Many people define trauma as an event or situation that happens to someone (active combat, physical or sexual assault, car accident, childhood abuse or neglect, etc.). After we have survived such an event in our life, we may develop conditions such as PTSD or depression that, though they present significant challenge for us, can start to be made sense of because we can make the connection. We may receive validation from others or even be able to offer compassion to ourselves, in part because we can to point to a “valid” reason why we struggle the way we do.
However, trauma is more accurately understood not as something that has happened to us, but something that occurs in our body. Essentially, trauma is the lingering effects in the body’s nervous system of an experience that it could not fully process and resolve at neurological level. This results in a variety of symptoms, both conscious and unconscious, in which our bodies and minds relive the overwhelming experiences in order to have them feel completed within us. This reliving of the past occurs only seldom as distinct images or flashbacks of events; more commonly it manifests as unconscious reactions (or triggers) that lead to ineffective and destructive patterns of thought and behavior.
More and more, trauma is being understood in two distinct categories: incidental trauma and complex trauma. Incidental trauma is experienced in a time limited way, such as a car accident, natural disaster, crime victimization, etc. We experience such incidental traumas for a limited amount of time and then they end. We are left to figure out what happened to us, why it happened to us, and often feel powerless to do anything to change the feelings of helplessness we are left with.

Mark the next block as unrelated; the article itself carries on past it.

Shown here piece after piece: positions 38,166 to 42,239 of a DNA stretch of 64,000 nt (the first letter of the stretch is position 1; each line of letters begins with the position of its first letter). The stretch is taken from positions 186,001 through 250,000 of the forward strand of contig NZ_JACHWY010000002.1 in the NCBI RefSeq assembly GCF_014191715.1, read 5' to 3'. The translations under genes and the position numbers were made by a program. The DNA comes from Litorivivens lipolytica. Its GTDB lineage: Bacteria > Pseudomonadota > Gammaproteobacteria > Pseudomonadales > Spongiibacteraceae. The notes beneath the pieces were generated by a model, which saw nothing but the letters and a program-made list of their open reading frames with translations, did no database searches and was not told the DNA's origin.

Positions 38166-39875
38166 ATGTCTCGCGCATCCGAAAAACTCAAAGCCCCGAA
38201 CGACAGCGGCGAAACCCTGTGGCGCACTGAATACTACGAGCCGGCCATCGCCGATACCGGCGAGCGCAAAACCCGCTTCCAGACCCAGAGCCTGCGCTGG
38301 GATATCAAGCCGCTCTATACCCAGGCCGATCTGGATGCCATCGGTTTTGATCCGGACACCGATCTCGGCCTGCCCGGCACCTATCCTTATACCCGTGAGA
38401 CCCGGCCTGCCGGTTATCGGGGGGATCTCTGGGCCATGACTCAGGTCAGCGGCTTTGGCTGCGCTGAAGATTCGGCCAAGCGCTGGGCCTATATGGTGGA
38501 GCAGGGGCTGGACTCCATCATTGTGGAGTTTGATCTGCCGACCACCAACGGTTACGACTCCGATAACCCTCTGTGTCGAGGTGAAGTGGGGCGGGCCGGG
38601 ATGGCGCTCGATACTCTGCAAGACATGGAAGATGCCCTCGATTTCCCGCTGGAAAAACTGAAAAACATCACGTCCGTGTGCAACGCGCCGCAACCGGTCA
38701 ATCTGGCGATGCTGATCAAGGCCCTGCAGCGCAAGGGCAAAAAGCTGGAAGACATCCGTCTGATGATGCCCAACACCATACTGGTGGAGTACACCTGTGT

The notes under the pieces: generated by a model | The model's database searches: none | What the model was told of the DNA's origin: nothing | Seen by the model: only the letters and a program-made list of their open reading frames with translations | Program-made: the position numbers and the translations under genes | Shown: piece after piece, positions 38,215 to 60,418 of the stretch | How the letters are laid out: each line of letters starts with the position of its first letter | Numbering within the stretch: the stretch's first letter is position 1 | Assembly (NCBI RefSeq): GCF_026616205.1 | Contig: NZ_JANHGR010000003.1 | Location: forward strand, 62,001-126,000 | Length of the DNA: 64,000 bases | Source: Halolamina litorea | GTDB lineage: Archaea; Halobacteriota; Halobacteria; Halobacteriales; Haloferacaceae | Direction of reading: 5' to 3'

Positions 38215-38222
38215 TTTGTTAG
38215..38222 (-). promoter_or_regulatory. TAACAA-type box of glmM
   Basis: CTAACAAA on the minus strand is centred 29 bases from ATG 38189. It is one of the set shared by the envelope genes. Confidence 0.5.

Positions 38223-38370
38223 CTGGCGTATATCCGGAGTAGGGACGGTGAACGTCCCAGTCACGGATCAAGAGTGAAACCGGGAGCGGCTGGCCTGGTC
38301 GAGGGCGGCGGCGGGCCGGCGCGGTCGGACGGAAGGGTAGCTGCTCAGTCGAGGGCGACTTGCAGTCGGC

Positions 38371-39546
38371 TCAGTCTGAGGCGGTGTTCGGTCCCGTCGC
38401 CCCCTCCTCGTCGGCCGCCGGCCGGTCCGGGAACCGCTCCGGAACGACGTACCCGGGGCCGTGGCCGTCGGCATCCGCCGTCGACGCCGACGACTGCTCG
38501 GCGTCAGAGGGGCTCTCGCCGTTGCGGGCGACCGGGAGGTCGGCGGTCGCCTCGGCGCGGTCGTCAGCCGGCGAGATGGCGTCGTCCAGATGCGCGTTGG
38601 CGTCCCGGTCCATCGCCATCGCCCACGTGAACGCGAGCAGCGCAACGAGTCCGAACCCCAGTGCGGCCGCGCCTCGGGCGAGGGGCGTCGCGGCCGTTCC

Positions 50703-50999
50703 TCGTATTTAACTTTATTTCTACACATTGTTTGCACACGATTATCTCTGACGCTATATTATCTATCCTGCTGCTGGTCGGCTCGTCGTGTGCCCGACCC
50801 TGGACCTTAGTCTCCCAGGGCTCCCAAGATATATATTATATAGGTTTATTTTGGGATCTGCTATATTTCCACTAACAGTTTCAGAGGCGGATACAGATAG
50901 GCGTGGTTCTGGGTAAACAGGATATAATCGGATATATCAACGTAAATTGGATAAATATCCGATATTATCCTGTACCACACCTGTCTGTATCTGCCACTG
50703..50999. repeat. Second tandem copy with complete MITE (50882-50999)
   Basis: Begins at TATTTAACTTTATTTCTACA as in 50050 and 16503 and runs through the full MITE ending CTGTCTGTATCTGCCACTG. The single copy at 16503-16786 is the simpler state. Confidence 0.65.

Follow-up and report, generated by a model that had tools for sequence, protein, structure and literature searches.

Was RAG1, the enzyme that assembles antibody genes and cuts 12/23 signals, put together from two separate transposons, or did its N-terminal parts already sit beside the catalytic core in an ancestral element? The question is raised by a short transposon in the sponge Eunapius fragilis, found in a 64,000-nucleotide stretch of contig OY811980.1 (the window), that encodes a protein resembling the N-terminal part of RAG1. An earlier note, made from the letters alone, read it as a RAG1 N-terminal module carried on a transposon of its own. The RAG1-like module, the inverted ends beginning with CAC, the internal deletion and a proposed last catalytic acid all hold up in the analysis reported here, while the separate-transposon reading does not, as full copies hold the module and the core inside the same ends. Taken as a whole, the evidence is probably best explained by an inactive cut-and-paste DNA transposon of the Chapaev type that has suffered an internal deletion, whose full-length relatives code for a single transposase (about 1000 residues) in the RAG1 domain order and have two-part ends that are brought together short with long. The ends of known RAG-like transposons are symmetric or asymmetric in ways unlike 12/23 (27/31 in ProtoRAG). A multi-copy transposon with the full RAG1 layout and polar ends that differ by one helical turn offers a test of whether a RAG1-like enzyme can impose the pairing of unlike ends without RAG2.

Complex trauma is experienced over a more sustained period of time, and with each time we experience it, we fear that things will never change, that there is nothing we can do to stop it from happening again. Childhood physical abuse and sexual abuse are prime examples of this, as are domestic violence, war, etc. Other examples include religious cults, emotional violence in an intimate relationship, and emotional neglect, being cut off, or abandoned by a parent or trusted care-giver.
Simply put, trauma is experienced when we feel that our life or well-being is threatened and there is nothing we can do to stop it. It does not matter whether in reality we can or cannot stop it; it is our perception of our ability to put an end to the threat that determines whether we will experience trauma. It is not what happened that determines whether we experienced trauma, but rather how capable we felt to adequately respond during and after the situation.
Many individuals who have lived with the sense that something was wrong with them are not able to see events or relationships in their past as being traumatic. They may have lived their whole lives believing they were defective or broken, and they seem to have no explanation as to why they have struggled the ways they have. For example, siblings within the same alcoholic family who grew up only a few years apart can enter their adult lives with very different outlooks. One can feel crippled with the unacknowledged effects oftrauma, while the others appear to function in life with relative ease. This is because, due to a variety of differences (age, gender, degree of sensitivity, coping skills, external resources or support), the latter did not internalize and store the same situation in the same way.